Kartini Samon 
Yeah, that's the interesting thing, because, you know, now everything is digitalized. And that's the way you know, even governments are promoting you know they say digital agriculture. And, like, Amazon and Alibaba are among the first to jump into this, because they start as distribution companies, right? They provide service for online distributions. But for that, they also need to secure their supply. They need to make sure that, you know,  consumers can get whatever they want from wherever they want. So they jump into this whole process of agriculture. So before they only sell other non agricultural non Food and Agriculture products. But they see that there's a need to that, you know. It's a it's a huge market, people have to eat all the time. So and especially with the pandemic last year, we see a huge increase of their profit, because people avoid going to the supermarket or your local fresh market and turn to online shopping to buy groceries. And that's why like Alibaba and Amazon's they feel like okay, we need to be part of this and how we how we need to secure our supply. And then they realize it's not enough to do it. They also need to have a store and and that's why like Alibaba and Amazon's are among the first to actually lead to this unmanned they call it unmanned stores... where all is managed by artificial intelligence, you know. Consumers can just go and take whatever they want. And they paid directly, you know, with there's no cashiers in the stores. So that that is why also companies like Alibaba and Amazon are investing in agriculture a lot. Alibaba even have and bought a huge a dairy farm in New Zealand, not just one, but 29 dairy farms in New Zealand to secure supply of dairy to consumers in China and elsewhere, every day. So they see the need to control the entire supply chains from the production's to their warehouses. Because that means, you know, they can, you know, make promises to the consumers that you can get anything from anywhere around the world. Even some of this big retail stores, they promise like, you can get any fruits or vegetables from anywhere around the world within 48 hours. So you just click. Like, if I want, I'm sitting in Jakarta and I want something like strawberries, we just we don't grow, and we don't have it here, from anywhere that's fresh, you know, I can just choose from my, you know, my apps, and it's being delivered fresh to my door in 48 hours. That's what they're being promised. But it's not, you know, the, the whole technology and infrastructures that needed behind it, it's very big and important... because then you have to secure infrastructures. You have to secure warehouses. You have to secure packaging. And that actually, actually is  very much linked to climate.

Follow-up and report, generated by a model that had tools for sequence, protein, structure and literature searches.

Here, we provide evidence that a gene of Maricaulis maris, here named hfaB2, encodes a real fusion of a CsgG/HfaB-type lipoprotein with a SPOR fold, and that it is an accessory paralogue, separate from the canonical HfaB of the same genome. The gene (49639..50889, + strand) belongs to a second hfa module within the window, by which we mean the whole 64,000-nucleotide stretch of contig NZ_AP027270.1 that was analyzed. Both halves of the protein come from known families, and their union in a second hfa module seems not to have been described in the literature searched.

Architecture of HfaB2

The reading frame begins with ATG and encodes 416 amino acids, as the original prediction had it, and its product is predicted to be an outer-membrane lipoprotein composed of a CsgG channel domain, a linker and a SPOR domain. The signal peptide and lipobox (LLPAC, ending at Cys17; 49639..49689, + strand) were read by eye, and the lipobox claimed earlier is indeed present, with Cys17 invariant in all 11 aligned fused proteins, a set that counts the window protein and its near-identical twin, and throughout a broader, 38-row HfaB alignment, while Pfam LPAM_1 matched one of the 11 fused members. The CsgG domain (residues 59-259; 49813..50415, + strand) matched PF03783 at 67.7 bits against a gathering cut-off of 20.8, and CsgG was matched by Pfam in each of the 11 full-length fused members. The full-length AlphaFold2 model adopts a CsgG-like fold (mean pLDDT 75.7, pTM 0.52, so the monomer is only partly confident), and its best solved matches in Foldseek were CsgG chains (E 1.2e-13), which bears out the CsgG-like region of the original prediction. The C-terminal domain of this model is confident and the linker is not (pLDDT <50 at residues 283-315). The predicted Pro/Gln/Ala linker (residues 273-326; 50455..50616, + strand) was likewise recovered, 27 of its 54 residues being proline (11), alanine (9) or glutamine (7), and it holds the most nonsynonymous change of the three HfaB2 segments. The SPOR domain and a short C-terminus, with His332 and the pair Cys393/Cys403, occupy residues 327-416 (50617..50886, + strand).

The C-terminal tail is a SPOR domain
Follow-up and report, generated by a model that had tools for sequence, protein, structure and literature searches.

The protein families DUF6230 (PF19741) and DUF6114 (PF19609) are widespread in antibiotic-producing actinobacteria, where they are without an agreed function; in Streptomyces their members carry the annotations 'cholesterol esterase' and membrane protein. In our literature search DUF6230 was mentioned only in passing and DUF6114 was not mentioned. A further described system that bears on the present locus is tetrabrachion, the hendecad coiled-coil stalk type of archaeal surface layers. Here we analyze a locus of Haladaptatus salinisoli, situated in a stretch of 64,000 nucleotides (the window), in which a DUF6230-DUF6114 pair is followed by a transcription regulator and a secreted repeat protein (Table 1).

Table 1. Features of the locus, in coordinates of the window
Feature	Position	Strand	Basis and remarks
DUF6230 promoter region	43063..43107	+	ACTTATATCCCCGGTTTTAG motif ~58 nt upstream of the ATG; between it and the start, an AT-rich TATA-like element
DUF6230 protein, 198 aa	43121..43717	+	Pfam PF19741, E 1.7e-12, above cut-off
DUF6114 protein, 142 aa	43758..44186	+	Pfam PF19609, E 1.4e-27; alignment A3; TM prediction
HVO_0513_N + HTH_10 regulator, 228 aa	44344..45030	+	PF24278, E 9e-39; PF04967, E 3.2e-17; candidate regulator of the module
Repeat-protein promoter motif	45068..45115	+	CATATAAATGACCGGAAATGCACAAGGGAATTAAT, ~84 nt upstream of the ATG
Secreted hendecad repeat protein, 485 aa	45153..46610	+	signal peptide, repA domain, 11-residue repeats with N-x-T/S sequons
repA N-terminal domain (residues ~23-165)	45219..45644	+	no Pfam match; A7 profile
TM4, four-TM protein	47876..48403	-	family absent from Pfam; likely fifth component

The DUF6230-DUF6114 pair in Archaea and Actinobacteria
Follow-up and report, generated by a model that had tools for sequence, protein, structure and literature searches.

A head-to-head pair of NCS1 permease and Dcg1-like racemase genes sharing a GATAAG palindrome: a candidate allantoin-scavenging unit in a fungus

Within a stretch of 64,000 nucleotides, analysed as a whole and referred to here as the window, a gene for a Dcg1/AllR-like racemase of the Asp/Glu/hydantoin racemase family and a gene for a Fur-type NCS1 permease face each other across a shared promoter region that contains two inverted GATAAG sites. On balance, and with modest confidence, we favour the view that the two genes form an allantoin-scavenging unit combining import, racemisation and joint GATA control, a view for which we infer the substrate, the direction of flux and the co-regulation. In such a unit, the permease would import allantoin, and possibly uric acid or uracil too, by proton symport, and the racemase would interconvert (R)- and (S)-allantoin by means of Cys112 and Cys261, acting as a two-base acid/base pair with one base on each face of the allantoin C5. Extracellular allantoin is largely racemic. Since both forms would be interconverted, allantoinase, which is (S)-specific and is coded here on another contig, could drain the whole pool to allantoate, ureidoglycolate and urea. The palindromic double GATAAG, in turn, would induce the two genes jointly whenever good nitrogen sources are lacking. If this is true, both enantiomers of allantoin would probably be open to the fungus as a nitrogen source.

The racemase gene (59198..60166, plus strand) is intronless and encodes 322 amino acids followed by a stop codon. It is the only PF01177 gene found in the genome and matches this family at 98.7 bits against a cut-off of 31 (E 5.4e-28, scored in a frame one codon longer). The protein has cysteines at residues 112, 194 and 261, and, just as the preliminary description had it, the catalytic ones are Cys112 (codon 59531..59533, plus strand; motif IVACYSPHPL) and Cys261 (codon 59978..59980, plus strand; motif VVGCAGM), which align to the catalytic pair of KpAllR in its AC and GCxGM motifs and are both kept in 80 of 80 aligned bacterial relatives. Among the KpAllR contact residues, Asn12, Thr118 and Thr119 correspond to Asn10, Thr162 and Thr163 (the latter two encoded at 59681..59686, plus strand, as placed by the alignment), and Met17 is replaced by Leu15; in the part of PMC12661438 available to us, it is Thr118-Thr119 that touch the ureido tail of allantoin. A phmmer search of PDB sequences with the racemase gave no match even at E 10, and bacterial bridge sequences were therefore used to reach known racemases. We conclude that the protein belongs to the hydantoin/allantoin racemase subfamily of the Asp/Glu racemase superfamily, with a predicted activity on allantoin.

Steve Taylor  
So that's interesting. I mean, you know, being able to order strawberries in Jakarta and have them, you know, within 48 hours is exciting from a convenience point of view. 

Kartini Samon  
Yes. 

Steve Taylor  
But as you noted, there's a huge infrastructure surrounding that. And you mentioned impacts on climate. So industrial farming, we know, produces nitrous oxide from fertilizers, you know, there's this heavy machinery, you have the refrigeration in the supplies chain, it often involves deforestation, and you have all the emissions from transportation. So we have convenience. We have these big corporations pushing small farmers into monoculture... and there have all these cultural implications. As we discussed some of the most tragic in India, though it's happening in a lot of countries. But now, it seems to be that this push towards monoculture is now part of climate safe agriculture. Could you tell us a little bit about that, and how that may be somewhat misguided?

Kartini Samon